by Sarah Baldwin, Media Consultant, Depaul International
Kharkiv is the second-largest city and municipality in Ukraine.
Located in the northeast of the country, it is the largest city of the historic Slobozhanshchyna region and a major target of the Ukraine offensive. The city was designated a “Hero City of Ukraine” on 6 March 2022. According to the Mayor of Kharkiv, Terekhov, there has not been a single day without strikes since the start of the invasion on 24 February.
I caught up with Father Vitaliy Novak CM, Chair of Trustees at Depaul Ukraine at 4pm on a Wednesday afternoon, as he loaded the truck ready to depart further south. As we spoke, Russian forces had begun an offensive across the Donbas, with heavy fighting continuing in Kharkiv.
On our call I could hear the clatter of the truck loading, children playing near him and exchanges in Ukrainian as lists were checked.
Father Vitaliy has remained in Ukraine since the beginning of the conflict, working with a team to transport aid from West Ukraine to Kyiv, Odesa and Kharkiv, as well as supporting our shelters, which are feeding thousands of people every week.
I grabbed 5 minutes with him before he set off…
Hi Father. Are you safe to talk? Where are you and what are you up to?
Vitaliy: Yes it is fine to talk. We are in Kharkiv. We are loading the humanitarian aid onto the truck. It is going south, further towards the frontline, we are setting off tomorrow.
How are you?
Vitaliy: I am still talking to you, so I am still here! But many of our friends have died.
It’s unfathomable. What is sustaining you during this time?
Vitaliy: What keeps me going? If you could see it… I must help all of these people – I cannot imagine any other way than to stay here and act. As long as I am still standing, I will help people.
Tell me what you are seeing in Kharkiv at the moment
Vitaliy: Some parts of Kharkiv are like Mariupol.. destroyed… some parts are still alive. The forces have already activated, the offensive has started. Last night numerous buildings were hit. Even now as I speak to you, somewhere is being bombed.
We can’t even imagine what you are going through. What is daily life like in Kharkiv?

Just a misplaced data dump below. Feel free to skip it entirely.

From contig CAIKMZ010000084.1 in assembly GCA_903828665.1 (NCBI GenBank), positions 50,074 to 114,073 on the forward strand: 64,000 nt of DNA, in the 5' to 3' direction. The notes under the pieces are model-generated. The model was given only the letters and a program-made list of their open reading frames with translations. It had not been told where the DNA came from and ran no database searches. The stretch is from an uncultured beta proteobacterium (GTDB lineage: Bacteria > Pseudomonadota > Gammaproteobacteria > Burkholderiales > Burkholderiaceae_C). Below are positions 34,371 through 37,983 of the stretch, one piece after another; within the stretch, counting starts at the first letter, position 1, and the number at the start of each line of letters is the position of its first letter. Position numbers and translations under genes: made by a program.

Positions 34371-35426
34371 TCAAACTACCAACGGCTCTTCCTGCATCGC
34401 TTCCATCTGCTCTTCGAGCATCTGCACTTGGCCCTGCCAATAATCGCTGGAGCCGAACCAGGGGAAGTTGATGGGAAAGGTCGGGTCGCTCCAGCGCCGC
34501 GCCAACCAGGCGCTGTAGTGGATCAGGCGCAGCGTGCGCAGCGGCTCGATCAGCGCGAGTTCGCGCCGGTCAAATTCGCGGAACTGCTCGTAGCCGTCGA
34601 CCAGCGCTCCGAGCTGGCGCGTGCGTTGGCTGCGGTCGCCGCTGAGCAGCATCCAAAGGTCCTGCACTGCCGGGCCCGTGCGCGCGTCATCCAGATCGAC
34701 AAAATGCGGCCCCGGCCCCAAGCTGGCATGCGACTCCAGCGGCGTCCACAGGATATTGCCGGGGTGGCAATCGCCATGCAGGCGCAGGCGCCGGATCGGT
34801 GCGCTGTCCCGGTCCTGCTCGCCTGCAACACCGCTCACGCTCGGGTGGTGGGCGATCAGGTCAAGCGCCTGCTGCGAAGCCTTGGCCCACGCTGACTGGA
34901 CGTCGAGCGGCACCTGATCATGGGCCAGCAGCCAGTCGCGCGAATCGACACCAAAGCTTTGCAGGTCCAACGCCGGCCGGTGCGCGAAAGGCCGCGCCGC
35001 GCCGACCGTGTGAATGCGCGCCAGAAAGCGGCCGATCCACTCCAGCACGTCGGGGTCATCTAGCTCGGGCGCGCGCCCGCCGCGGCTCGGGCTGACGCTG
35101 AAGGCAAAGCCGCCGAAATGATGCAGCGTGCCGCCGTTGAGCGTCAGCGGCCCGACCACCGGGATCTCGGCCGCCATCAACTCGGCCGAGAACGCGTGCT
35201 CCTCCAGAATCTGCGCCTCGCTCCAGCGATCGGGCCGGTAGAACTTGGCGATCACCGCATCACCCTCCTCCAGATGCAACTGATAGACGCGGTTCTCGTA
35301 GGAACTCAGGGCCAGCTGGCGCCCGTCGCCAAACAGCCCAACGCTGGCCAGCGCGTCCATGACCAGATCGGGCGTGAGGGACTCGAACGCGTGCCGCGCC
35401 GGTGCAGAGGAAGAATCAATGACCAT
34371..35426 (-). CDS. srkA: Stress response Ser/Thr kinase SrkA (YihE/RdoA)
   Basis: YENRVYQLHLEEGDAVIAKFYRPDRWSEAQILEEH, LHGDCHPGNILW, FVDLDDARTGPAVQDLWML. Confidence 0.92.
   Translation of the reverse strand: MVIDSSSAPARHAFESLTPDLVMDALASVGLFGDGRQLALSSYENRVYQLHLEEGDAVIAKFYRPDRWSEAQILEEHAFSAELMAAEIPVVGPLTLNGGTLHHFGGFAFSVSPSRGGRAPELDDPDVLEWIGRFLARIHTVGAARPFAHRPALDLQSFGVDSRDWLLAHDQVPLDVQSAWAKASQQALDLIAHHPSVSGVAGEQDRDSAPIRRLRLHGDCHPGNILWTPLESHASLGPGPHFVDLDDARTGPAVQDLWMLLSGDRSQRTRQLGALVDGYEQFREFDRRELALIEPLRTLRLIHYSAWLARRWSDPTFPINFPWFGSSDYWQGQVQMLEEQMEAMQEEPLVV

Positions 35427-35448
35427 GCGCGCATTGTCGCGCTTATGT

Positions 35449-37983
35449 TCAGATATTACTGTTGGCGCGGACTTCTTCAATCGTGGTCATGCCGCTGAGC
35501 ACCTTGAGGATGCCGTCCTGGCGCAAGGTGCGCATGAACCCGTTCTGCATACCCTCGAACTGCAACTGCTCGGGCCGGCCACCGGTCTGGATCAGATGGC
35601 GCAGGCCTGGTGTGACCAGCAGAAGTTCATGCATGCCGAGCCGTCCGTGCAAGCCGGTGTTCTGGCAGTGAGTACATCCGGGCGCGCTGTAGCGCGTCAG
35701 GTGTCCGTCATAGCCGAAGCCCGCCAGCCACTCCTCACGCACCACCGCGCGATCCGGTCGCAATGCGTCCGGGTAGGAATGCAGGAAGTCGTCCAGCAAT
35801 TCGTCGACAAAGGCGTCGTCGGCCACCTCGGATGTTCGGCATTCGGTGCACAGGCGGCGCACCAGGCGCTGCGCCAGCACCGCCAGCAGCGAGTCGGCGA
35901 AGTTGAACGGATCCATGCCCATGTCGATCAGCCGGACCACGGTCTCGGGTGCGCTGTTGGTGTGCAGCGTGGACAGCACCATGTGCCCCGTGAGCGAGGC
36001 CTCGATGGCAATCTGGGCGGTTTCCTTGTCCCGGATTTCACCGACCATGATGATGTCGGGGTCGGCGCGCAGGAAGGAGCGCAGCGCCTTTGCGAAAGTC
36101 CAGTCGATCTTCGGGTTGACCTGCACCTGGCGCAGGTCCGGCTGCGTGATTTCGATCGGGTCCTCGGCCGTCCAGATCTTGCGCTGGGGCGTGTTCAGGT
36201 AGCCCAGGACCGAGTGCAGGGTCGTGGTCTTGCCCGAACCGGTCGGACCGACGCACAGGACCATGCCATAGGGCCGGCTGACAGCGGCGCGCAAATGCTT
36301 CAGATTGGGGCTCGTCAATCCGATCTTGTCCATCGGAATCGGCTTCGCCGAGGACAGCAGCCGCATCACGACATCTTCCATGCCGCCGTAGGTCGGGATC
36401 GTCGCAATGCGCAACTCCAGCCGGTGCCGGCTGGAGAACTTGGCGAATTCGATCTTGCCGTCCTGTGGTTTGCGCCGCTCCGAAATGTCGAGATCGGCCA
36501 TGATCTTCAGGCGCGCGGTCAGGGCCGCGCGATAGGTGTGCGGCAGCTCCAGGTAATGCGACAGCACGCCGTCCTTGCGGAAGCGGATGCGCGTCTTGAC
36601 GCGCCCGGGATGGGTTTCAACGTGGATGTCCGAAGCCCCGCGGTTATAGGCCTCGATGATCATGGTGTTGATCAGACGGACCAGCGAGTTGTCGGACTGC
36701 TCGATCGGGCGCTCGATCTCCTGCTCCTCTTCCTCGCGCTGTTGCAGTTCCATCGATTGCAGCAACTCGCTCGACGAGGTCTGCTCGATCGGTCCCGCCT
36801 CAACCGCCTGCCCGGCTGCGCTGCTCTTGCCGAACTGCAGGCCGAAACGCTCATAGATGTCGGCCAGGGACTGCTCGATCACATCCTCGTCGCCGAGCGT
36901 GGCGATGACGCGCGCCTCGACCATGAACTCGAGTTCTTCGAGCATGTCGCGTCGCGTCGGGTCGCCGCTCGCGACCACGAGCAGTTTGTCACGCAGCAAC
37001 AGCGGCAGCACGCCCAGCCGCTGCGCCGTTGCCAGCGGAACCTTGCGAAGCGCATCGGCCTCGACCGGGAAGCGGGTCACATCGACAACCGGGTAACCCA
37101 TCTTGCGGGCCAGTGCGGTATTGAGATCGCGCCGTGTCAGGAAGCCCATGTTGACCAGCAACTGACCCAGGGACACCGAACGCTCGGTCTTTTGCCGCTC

Vitaliy: It is 56 days into the war and every day it’s the same – shootings, bombings. There are those who have adapted to the war, those who can help others, and then those who have not survived. Every day we are burying people, every day there are deaths, but there also births.
What do people need the most at the moment?
Vitaliy: Food and medicine. Food is not available to buy. And even if it is available, it’s very expensive. Medicine is key, we have been supporting hospitals but the need keeps growing. The poor people are poorer than they ever were – double or triple as poor. It’s hard to imagine, but no one is going to work. It’s a very strange situation. Can you imagine, no one can afford anything, and prices are so high?
How is your work with Depaul going?
Vitaliy: We are working all the time. We are running our shelters in Kharkiv and Odesa, our homeless volunteers are working night and day. We have our projects on the streets, and we are taking food into the prisons too. We are now feeding thousands of people per week in our area of Kharkiv alone, with the aid that is coming from Depaul International and Depaul Slovakia.
Before the war we were feeding just 150 people a week.
Captions: Left: Father Vitaliy Novak with colleagues at warehouse in Slovakia, Right: Medical supplies arrive at Kharkiv hospital
Every day more and more people come to our services and ask for help – it feels like each time you give out aid, more people come who need it. The need is never ending. I cannot even explain – wherever you travel, you see the same thing – thousands of people in the same situation –in Kyiv, Odesa, Transcarpathia, we see the same everywhere you go, people running away, people fleeing, trying to survive.
What can we do to support you more?
Vitaliy: We need prayer. And if people still want to help us with the humanitarian aid – we would welcome it. There are trucks coming constantly, it’s amazing, but it is still not enough to respond to the sheer scale of need. Sarah I must go – we need to load up.
Thanks for taking the time – we are with you and wishing you all the best Father. We will talk again soon
To support our work in Ukraine please go to our Depaul Ukraine Emergency Appeal page.